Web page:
Buying wisely in any market

[photopress:seg.gif,thumb,alignright]I find that most people who track countywide stats, looking for bubbles and market trends, are not people who are buying and selling property. Anyone who is actually buying or selling property knows, that countywide stats tell you both everything and nothing. It is in the small subsections of any given market that you will find the information you need to make wiser choices.

For instance, can you really compare ramblers built in the 60s to newer housing choices? Can you compare “too small for anyone” condos of 400 square feet, to the saleability of 2 bedroom 2 bath condos? Lumping everything together tells you nothing. Houses on busy roads, for example, will not sell as well, and will sell worse at times like this when buyers are being more cautious. I think of houses on busy roads when I hear comments like, “The market is getting weak! I see more and more for sale signs every day while driving to work!” Well let’s assume that most people do not drive on quiet 25 mi. per hour residential streets when driving to work. So what they are seeing is the weakness of properties situated on busy roads, not the market in general.

A good example is tracking newer townhomes, in the $300,000 to $500,000 range, within 3 miles of Microsoft. This is a market segment that is driven by its own forces and outperforms the market in general. In the last six months there were only 21 townhomes sold, built since 1990 and within 3 miles of Microsoft, between $300,000 and $500,000. Of these 21, 16 sold AT or better than full price in less than 30 days. Several in less than 10 days and most in less than 20 days. At the moment there are only 3 available, all on market less than 15 days and two at less than 5 days on market and there are 3 in escrow.

So of the total six month inventory, you can expect four to sell per month and there are only 3 on market, two of which have only been on for two days and three days, respectively. Those are some pretty strong market stats. What are the odds that these will start dwindling on market for excessive periods of time or go down in price? Slim to none. Making offers on this product, based on what you are reading about the King County market in general, would make no sense whatsoever.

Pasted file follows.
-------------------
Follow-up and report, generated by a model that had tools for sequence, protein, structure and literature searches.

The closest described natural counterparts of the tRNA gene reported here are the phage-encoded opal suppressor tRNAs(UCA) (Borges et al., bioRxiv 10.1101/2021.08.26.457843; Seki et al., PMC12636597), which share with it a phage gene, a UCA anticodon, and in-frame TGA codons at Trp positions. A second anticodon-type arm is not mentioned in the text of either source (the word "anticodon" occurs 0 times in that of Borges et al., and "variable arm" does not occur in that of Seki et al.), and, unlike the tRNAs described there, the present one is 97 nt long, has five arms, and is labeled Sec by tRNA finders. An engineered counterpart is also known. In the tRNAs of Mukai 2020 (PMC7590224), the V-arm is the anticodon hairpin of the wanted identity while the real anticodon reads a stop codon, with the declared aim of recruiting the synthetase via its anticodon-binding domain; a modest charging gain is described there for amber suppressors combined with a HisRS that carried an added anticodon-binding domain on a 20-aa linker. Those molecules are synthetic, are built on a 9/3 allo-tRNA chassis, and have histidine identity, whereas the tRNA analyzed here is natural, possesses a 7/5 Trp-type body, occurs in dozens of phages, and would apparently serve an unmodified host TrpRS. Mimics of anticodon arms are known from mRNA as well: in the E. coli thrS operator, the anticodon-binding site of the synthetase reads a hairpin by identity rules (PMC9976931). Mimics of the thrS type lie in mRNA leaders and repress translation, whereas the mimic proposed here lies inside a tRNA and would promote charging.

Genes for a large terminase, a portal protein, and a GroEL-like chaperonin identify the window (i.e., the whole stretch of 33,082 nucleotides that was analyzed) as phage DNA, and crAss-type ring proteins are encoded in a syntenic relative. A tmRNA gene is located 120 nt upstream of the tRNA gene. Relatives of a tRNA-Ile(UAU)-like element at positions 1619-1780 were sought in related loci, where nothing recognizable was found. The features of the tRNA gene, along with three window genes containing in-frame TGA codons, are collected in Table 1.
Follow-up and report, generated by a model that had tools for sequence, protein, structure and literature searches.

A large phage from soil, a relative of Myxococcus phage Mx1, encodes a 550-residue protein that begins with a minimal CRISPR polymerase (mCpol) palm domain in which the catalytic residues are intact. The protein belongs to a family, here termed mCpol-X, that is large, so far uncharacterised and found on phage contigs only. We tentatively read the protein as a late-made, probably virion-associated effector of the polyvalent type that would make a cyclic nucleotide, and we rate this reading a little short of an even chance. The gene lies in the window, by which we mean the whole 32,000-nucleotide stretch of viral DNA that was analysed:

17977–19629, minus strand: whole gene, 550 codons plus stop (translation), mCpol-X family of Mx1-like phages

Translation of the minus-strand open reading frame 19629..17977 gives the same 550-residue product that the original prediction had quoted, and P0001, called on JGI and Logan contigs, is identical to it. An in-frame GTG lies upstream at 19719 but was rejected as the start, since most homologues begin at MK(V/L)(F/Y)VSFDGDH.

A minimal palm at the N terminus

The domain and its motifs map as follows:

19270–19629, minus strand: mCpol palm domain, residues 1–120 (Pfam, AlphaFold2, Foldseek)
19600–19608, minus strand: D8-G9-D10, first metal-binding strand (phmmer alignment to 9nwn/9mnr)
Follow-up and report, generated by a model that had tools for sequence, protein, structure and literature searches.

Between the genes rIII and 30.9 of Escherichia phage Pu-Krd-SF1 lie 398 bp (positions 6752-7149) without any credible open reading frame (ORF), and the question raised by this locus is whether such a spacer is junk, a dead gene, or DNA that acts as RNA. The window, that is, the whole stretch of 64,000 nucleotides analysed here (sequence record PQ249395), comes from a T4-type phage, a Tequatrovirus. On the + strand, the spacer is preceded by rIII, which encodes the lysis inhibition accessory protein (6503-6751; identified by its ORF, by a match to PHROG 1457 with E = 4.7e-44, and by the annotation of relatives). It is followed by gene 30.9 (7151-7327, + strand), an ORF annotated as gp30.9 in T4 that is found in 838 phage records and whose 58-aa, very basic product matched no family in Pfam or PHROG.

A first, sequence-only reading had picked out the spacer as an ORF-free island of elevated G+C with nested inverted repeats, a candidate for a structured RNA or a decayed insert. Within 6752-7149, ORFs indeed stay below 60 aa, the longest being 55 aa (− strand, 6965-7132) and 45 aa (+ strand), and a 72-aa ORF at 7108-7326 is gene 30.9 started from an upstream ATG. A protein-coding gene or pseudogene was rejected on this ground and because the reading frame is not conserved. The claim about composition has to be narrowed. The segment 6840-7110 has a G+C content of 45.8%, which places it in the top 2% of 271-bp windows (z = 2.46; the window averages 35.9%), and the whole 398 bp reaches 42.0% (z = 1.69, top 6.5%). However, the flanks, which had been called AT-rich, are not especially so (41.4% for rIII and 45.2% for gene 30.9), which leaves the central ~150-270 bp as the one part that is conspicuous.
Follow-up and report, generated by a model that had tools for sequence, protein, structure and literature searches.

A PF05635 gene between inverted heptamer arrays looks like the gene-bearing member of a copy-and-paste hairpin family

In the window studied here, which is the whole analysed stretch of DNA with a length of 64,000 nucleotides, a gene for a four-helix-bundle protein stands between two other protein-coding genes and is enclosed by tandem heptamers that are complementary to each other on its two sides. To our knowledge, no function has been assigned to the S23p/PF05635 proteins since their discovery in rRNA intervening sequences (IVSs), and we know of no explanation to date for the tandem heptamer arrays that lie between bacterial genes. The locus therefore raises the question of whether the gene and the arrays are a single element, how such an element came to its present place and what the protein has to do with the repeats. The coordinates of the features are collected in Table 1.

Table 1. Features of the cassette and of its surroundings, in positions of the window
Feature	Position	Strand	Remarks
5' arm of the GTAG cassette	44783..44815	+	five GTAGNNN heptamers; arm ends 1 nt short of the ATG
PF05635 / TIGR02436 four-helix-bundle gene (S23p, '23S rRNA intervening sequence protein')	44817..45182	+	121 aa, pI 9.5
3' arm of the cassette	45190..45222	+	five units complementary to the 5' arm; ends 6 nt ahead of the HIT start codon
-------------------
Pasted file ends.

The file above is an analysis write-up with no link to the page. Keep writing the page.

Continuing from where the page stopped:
So Chicken Little, maybe the sky IS falling for older ramblers built on busy roads with only one bathroom. But conversely the sky is still the limit in newer townhomes for sale within close proximity to Microsoft. There’s a whole lot of varied stats in between. Make sure you are making your choices based on the product and market segment that YOU are considering buying. Buying the biggest “bargain” on market, could lead you into buying in that segment of the market that will not appreciate, and will be difficult to sell later for at or more than what you paid.

The last seven days in Real Estate

Last week of August. Who bought what, where and for how much? Typically a slow week with agents and clients taking some time away with their families before school starts.

[photopress:v.jpg,full,alignright]This is my absolute favorite property that sold this week, in Sammamish for almost $4,000,000. Going home there is like going on vacation every day after work. My definition of “sold” in the last seven days, for this article, is STI or PENDING…people “making decisions” to purchase.

Seattle under $300,000 – 38 people, between $300,000 and $400,000 – 66 people

70 people in each for the $400,000 to $500,000 range AND the $500,000 – $600,000

Then we really drop off to only 20 from $600,000 to $700,000, and then half of that at 10 from $700,000 to $800,000, half that again to 5 at $800,000 to $900,000, and 3 in the $900,000 to a million.

15 from $1 million to $2 million and two just over $2 million, one in Broadmoor and the other a tudor in Denny Blaine.

On the Eastside I used, Bellevue, Bothell (King County), Kenmore, Kirkland and Redmond.

Only 5 under $300,000 this week. 75 between $400,000 to $600,000. 4 between $2 million and $3 million vs. only 2 in Seattle, and about 10 in most other categories.

So all tolled on both sides of the Lake, most homes this week were sold between $300,000 and $600,000. That includes condos, townhomes and single family homes.

Fits into the theory that the average buyer is at $450,000 give or take.

Really BIG News!!

[photopress:85936861.jpg,full,alignright] I just got this invite via email. These have been short term rentals until now. I LOVE this location and have placed people relocating in them while they look for a house. There are two buildings on either side of first street that were part of the same short term rental…near Sur le Tab and the Greek Restaurant, for those who know Kirkland. Fabulous LOCATION!!